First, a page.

THUNDER BAY – Police have released more details regarding the nature of the threats against Hammarskjold High School, which have closed the school six times this year.
“The threats have ranged from shootings to possible explosives,” said Thunder Bay Police Service uniformed patrol insp., Derek West.
“We understand that this could be a concern for the community and parents involved. To help them understand best what we are dealing with and what information we are providing to the school, we want to make sure we gave more information to help understand the level of threat we are dealing with.”
An anonymous threat against Hammarskjold was received by police on Tuesday and the Lakehead Public School Board decided to close the school. Several other public schools in the area were placed under hold and secure. This is the sixth incident in 2019, with three occurring in February and three in the last week.
When asked if these threats are related, West said all the incidents are being investigated separately.
“With the tips coming in anonymously our investigators will follow up on all the information they have to try to determine where they are coming from and from whom,” he said.
The threats are received by police and not the school directly. When a threat is received, investigators contact the School Board, who then determines what actions to take.
Following the most recent threat on Tuesday, West said officers searched the school and surrounding grounds and did not find any evidence linked to the threats.
Each individual call of this nature can cost the Police Service thousands of dollars, but West said officers take these threats very seriously.
“We hope that by giving more information that it gives people peace of mind,” West said. “We are concerned for public and school safety.”
Frustration is mounting for students at Hammarskjold who say they just want to go to class but are greeted with the all too familiar sight of police cars parked outside of the school.
“Seeing as how this is the fifth or sixth time, to be honest, it’s nothing really new,” said Grade 10 student, Michael Nagy. “I don’t know who is doing this, but it’s quite aggravating. I still have to get quite a lot of work caught up on. I wish whoever is doing this would just stop.”
“This should be once in like 10 years max, but it is happening every other day,” Nagy continued. “I don’t know who is doing this, but they have a real problem.”
Students at Hammarskjold say they are stressed and starting to worry about what all these closures will mean for their school year.
“It’s messing up my school year,” said Grade 11 student, Makayla Bearman. “We are all really far behind and we are not getting to learn about things that I want to get to learn about.”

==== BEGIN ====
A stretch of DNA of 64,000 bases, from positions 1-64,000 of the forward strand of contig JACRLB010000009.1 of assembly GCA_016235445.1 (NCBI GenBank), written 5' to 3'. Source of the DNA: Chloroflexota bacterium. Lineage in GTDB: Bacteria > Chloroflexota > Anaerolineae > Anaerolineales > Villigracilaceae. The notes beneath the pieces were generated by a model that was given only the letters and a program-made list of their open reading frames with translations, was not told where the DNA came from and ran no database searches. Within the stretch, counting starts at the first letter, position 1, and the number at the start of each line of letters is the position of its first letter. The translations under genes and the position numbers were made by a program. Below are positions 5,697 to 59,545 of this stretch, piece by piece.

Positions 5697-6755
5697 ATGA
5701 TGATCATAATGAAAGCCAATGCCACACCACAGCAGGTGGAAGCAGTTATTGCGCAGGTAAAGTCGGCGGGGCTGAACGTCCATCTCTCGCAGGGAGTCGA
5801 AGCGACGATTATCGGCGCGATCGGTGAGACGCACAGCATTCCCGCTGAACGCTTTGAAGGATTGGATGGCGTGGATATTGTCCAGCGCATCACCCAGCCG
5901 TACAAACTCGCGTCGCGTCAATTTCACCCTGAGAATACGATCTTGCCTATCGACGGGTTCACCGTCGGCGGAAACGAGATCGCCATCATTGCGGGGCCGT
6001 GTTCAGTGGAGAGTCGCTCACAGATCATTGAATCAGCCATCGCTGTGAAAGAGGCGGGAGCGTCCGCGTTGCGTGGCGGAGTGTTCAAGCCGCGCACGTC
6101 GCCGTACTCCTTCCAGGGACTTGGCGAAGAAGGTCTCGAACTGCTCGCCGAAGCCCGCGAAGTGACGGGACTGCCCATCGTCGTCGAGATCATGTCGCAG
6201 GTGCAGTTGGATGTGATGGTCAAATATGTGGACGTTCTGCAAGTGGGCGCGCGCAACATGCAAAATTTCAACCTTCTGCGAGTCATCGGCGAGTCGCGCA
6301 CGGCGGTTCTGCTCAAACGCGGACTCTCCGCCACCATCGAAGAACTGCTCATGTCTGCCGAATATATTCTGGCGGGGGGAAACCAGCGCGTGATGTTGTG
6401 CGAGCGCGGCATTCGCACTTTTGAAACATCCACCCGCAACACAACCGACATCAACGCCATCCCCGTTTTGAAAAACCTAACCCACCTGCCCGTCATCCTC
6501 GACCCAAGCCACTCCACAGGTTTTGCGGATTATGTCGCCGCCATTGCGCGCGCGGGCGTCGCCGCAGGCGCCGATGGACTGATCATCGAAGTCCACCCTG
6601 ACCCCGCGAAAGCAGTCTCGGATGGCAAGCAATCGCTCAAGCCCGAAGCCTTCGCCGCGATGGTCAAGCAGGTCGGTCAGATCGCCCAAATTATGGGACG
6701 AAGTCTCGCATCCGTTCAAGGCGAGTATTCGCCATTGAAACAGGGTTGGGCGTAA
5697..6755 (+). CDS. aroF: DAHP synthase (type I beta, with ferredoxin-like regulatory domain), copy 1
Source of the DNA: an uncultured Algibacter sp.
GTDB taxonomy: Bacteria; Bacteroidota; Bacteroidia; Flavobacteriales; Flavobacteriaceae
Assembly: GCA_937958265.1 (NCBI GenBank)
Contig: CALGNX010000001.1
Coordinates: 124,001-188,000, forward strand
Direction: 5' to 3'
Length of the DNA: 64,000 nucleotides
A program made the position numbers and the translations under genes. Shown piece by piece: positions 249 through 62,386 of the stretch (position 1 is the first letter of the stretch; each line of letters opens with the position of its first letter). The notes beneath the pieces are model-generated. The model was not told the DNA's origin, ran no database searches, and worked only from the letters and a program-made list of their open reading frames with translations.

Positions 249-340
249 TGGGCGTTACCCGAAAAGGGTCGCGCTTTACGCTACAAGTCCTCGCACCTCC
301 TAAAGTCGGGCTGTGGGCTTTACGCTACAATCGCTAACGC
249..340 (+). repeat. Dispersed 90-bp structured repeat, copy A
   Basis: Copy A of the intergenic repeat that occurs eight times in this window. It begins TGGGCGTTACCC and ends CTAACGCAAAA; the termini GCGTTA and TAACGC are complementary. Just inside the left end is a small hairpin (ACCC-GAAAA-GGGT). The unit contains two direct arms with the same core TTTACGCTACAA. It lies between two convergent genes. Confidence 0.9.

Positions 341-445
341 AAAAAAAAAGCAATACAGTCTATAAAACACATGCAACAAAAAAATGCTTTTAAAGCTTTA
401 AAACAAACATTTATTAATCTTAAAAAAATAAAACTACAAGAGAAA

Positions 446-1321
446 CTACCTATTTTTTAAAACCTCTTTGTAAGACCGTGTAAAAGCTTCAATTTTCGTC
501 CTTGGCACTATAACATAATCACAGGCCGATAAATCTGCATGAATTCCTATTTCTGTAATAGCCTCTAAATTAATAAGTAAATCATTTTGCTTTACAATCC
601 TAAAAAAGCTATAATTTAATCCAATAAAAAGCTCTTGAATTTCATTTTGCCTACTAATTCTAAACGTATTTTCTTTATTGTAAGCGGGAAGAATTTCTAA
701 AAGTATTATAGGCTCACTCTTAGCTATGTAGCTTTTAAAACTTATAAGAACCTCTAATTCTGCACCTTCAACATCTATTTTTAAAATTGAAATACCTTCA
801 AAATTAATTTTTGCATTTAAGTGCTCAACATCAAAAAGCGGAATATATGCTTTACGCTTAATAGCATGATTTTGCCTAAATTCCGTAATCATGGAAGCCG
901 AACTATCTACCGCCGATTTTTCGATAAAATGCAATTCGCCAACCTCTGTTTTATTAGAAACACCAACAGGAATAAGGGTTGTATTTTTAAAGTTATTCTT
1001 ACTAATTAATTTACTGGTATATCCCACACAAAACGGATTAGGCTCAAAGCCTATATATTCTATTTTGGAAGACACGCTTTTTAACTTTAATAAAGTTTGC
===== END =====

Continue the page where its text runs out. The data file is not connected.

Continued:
“Everything is really squished together and we are trying to fit a week’s worth of topics into like three days. Everyone is super stressed.”
Students have not been informed as to whether the school year will need to be extended to make up for the lost days, but if that is the case, it could be a challenge for international student like Sophie Bi.
“If it’s just one week, it will cause a lot of things for me, so I don’t want that to happen,” she said. “I already booked the flight.”
“The teachers are stressed about this,” Bi continued. “I think it is one more day like this where you need to expand the school days. It’s not going to be a good thing for us.”
Police continue to investigate the threats and have set up a special tip line at 684-5001 for any information that could assist in the investigation.
According to some students, there are rumours floating around the school about the situation, but no one seems to know who is responsible for these threats or why they are happening.
“There are people talking about it and saying that it’s dumb and whoever is doing it should just stop,” said Grade 9 student, Austin Kuczynski.
Missed school days and catching up on work aside, students say the fact that Hammarskjold is receiving these threats is also scary and the decision to close the school is the right one.
“It’s a little bit scary to come to school,” Bi said. “I really appreciate that everyone is taking it seriously, but it’s just too many times.”
“I think they are doing the right thing,” Nagy added. “If they were to let students in, it would be a major threat to everyone who goes here, which would be about 700 or 800 students here, which would be pretty horrible.”